Anchorage city officials likely will not file lawsuits related to the near decade-long implementation of new software programs, despite large cost and time overruns.
The transition from PeopleSoft software to SAP programs, used to help run nearly every function of city government, was supposed to cost about $10 million and take 18 months to get up and running. Instead, it ran up a bill of around $81 million over several years, leaving the city with a large debt.
In the past year or so, the city settled with workers’ unions over payment errors caused by the software, giving out paid leave worth an additional $16 million.
Now, as city officials are weigh how to move forward, they say legal action could actually increase the amount of taxpayer dollars spent on SAP.
“We do not think it is productive to spend more taxpayer dollars on a lawsuit than we would stand to recover,” City Attorney Becky Windt Pearson said. “That said, we will continue to assess the facts and the law of this situation as work on the project continues.”
In 2011, under the leadership of former Mayor Dan Sullivan, the city agreed to pay $1.5 million for the software, and gave third-party vendor Black & Veatch $8.1 million to implement the program. Black & Veatch said it would take 18 months.
“It’s not as simple as ‘the (city) bought a program from SAP and it didn’t work as promised,’” Windt Pearson said.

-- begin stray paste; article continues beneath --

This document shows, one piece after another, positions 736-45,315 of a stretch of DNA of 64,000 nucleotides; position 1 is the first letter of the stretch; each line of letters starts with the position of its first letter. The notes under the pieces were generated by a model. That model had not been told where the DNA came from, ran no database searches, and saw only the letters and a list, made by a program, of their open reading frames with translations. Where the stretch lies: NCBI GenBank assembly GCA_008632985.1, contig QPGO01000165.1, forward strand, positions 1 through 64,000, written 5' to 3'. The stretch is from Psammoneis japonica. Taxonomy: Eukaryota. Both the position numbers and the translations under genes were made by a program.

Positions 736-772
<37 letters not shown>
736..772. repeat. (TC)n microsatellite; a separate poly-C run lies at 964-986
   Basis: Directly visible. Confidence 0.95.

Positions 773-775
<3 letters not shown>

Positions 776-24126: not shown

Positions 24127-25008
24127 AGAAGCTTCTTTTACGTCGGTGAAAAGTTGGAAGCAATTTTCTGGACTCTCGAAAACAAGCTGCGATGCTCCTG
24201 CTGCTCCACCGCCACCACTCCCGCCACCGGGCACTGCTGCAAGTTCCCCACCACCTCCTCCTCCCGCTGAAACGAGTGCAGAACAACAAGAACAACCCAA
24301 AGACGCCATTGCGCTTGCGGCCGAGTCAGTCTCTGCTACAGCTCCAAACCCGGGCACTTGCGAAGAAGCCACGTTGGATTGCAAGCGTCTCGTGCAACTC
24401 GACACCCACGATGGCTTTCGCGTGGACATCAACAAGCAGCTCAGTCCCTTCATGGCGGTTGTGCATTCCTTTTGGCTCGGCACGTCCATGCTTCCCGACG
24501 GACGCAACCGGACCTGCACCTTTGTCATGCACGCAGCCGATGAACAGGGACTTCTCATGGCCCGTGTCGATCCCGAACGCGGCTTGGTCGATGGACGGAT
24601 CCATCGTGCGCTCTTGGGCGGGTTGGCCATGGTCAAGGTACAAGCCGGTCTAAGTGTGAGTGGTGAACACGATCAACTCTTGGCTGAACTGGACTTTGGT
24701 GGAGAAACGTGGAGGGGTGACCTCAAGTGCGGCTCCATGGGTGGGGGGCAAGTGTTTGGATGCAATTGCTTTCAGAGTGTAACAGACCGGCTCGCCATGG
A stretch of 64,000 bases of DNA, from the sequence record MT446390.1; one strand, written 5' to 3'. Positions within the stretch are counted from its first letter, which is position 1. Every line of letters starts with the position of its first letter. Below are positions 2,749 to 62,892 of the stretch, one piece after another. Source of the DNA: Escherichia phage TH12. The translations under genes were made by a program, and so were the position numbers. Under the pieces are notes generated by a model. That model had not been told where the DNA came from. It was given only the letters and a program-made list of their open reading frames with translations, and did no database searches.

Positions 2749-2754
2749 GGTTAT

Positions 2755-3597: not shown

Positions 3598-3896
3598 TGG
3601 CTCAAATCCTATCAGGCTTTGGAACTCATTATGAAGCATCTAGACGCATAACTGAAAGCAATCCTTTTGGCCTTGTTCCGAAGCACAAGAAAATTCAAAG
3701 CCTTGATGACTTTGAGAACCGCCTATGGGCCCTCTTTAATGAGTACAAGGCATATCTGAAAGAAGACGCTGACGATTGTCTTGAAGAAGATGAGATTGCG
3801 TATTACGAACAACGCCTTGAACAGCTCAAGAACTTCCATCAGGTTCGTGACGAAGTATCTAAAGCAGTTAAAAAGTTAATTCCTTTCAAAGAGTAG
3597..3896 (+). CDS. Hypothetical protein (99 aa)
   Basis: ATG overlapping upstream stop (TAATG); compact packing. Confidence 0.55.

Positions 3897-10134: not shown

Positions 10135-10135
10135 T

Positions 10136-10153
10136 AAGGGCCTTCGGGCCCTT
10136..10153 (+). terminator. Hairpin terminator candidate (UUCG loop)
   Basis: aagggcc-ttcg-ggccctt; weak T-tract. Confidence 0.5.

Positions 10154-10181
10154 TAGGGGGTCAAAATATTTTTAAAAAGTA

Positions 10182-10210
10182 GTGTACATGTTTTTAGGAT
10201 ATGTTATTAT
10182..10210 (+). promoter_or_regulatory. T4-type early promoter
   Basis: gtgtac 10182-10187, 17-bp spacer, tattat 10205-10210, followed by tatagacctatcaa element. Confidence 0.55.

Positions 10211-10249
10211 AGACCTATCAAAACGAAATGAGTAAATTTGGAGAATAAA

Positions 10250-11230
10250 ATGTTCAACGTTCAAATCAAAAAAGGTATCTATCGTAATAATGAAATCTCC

Almost immediately, it became clear the time frame would not be met and there would be cost overruns, Windt Pearson said.
Starting in 2012, the city worked with Black & Veatch on ways to avoid litigation. In the end, the company provided some free and discounted services and the city signed away its right to sue.
Black & Veatch was unable to implement the software program, so the city started working directly with SAP Public Services near the end of the Sullivan administration. When Mayor Ethan Berkowitz took office in 2015, he continued working with SAP.
“This phase of the project has also not gone smoothly,” Windt Pearson said.
Transitioning to the software was troublesome throughout city departments, as workers had to learn the nuances of a new system. The implementation of the payroll system was by far the most significant issue, which resulted in many employees getting incorrect pay.
Those issues have largely been resolved. Now, as the city decides whether to move forward or to try to claw back some of that money, it is trying to learn from the others’ experience.
Like Anchorage, other cities and companies have experienced tempestuous rollouts of SAP software programs. Some have sued, with less-than-desirable outcomes.
Windt Pearson pointed to Marin County, California, which sued SAP and a third party hired to integrate the software. The county was initially seeking $30 million, and ended up settling for $3.9 million.